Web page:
- New hepatitis C therapies from giants Gilead and Merck are now being judged on effectiveness in specific sub-populations, as well as overall faster cure rates.
- Gilead's new therapy in development is a triple hep C drug that combines Sovalid (sofosbuvir), the experimental NS5A inhibitor GS-5816, and GS-9857, an NS3/4A protease inhibitor.
- Merck's new hep C drug is a grazoprevir/elbasvir combo, which is targeted for chronic kidney disease patients.
In virology, it's always about what's next. What's next for Gilead is a hep C three-in-one therapy. So far, clinical trial results have been mixed, with a 93% response rate among treatment-naive non-cirrhotic patients, which dropped to 87% for cirrhotic patients and 67% for treatment-resistant patients.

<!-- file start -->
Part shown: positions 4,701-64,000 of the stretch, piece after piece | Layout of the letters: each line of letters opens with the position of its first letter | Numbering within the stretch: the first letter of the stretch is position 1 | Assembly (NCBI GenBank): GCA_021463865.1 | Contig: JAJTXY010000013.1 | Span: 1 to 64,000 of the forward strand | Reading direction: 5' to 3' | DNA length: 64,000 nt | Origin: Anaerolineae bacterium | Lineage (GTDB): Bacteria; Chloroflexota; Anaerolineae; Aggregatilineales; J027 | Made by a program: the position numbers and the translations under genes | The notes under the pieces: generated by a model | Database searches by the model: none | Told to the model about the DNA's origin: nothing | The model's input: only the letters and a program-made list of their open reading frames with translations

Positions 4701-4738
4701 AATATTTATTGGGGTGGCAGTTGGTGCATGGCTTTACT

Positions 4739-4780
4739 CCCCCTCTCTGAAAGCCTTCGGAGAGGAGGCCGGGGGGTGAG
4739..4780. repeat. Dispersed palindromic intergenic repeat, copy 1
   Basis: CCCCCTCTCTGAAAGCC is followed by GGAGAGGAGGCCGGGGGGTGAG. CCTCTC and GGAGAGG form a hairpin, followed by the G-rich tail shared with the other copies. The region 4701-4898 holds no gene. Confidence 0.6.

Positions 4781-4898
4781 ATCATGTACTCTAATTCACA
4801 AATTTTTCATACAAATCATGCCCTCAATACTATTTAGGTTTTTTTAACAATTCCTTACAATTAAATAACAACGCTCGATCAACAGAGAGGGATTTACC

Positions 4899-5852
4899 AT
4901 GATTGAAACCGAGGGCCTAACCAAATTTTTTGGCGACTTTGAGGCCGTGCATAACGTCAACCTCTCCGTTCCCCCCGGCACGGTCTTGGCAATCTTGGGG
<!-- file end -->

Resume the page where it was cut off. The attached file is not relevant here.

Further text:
In contrast, Merck's combo, which has been granted Breakthrough Therapy designation, resulted in a 99% cure rate in 12 weeks in patients with chronic kidney disease (CKD). One problem, however, is that 5% of the patients in the original group were missing from the analysis for various reasons. More than ever, the medical community and the FDA are looking for intent-to-treat (ITT) data.
Ever since the advent of Sovaldi—and then Harvoni and Viekira Pak—the bar has been raised. The goals now are to treat a broader population of patients, including those with treatment-resistant disease and those who are already very sick.